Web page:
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OPEC Report Shows Declining Oil Revenues For Iran And A Massive Budget Deficit

A general view of Abadan oil refinery in southwest Iran, September 21, 2019

In its new annual report published on Monday, July 13, the Organization of Petroleum Exporting Countries (OPEC) announced Iran's revenue from total crude oil exports and oil products in 2019 was just over $19 billion, less than a third of the previous year.

Iran's income from selling oil and oil products amounted to 60.5 billion in 2018, while it was $110 billion in 2011.

In the meantime, OPEC's new annual report says Iran's average daily crude oil exports last year were 651,000 barrels per day, of which about 60,000 barrels went to Turkey and the rest to Asia. In 2018, the figure was 1.85, and in 2017 more than 2.1 million barrels per day.

Iran was able to export around one million bpd until May 2019, when the United States tightened its sanctions, banning all oil exports from Iran, cutting its exports in the second half of the year.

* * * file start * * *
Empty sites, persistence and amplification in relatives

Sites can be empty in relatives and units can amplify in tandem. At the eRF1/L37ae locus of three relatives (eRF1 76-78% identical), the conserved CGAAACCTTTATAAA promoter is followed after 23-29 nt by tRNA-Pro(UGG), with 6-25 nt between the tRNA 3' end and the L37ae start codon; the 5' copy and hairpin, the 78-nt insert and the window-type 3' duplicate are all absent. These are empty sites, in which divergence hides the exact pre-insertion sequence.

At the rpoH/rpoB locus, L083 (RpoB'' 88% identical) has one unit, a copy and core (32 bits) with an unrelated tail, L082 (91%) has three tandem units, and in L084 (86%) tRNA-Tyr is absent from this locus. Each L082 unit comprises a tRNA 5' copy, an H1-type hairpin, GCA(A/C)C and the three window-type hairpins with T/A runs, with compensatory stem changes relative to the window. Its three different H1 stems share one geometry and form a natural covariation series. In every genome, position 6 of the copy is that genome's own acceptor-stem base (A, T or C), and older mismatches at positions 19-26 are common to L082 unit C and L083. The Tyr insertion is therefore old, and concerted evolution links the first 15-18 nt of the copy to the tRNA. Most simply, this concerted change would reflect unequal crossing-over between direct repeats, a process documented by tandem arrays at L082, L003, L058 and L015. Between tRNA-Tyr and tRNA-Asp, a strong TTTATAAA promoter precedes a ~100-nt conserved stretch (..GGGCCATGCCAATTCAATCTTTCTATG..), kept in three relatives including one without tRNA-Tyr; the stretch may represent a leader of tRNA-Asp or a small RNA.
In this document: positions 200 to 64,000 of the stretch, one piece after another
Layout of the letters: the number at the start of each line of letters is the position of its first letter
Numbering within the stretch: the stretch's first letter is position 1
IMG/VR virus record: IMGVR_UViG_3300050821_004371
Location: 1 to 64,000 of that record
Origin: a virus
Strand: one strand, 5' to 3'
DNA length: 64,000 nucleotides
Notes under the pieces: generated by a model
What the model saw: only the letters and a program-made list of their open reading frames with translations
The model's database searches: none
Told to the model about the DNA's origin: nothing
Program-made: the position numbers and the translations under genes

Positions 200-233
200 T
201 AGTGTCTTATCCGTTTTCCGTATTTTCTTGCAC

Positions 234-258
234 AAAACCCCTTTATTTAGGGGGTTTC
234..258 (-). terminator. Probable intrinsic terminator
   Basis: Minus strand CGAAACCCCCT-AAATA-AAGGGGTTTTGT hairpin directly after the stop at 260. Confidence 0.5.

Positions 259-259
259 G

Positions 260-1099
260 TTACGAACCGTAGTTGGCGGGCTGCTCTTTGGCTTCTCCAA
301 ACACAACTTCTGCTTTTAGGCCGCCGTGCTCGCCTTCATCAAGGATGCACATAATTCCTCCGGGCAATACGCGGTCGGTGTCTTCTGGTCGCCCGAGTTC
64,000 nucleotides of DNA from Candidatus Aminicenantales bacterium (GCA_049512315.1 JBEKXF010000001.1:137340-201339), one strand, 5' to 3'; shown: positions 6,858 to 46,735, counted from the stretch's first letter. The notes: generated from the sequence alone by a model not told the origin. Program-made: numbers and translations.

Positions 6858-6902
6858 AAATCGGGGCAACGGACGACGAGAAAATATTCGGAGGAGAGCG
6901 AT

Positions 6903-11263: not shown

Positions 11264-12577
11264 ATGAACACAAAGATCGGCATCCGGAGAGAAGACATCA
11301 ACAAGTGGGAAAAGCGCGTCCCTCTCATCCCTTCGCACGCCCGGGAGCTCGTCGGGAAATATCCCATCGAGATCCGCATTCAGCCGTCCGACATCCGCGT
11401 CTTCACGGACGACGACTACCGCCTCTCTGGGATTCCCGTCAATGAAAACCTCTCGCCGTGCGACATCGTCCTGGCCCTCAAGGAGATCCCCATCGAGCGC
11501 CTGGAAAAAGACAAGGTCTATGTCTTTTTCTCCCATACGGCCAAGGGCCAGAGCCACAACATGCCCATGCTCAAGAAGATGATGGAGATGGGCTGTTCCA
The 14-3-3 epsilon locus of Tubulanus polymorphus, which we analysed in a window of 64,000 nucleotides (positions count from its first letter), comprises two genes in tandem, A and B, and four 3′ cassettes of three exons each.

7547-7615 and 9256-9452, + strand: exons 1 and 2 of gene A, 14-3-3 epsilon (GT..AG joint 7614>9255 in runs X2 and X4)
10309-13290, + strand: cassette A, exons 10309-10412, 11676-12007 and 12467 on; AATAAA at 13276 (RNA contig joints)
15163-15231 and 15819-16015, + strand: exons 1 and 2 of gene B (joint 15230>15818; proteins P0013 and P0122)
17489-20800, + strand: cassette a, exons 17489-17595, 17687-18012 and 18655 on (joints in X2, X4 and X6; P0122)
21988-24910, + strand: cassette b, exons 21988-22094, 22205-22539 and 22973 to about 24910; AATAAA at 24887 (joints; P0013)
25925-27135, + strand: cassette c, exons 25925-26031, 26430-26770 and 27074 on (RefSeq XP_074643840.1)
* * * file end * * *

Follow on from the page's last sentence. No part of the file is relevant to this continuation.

Iran also exported about 285,000 BPD of oil products (diesel and fuel oil) last year.

Iranian government officials say revenues from Iran's crude oil exports last year were less than $9 billion, excluding oil products, in the Iranian calendar year, beginning March 20, 2019.

Based on data provided by Kpler, an international data intelligence company to Radio Farda Iran's crude oil exports in the second quarter of 2020 averaged 187,000 BPD, compared with about 294,000 BPD last winter, and 976 thousand BPD in the second quarter of 2019.

If Iran's crude oil exports remain at the level of the second quarter of 2020, Tehran's oil revenues, given current prices, are expected to be just over $ 2 billion in the current Iranian solar year (March 20, 2020-2021). This means only eleven percent of Iran's targeted revenue will likely be realized, and the Islamic Republic's government will face a massive budget deficit.

OPEC says Iran's total oil and non-oil exports reached $ 69 billion last year, down about a third from 2018.

Simultaneously, the International Monetary Fund (IMF) forecast shows that Iran's total exports will drop to $ 46 billion, and imports will be $ 64.6 billion in 2020.

Consequently, for the first time, Iran's foreign trade balance is expected to be negative in 2020.

With ten percent of the world's proven oil reserves and fifteen percent of its gas reserves, Iran is considered an "energy superpower."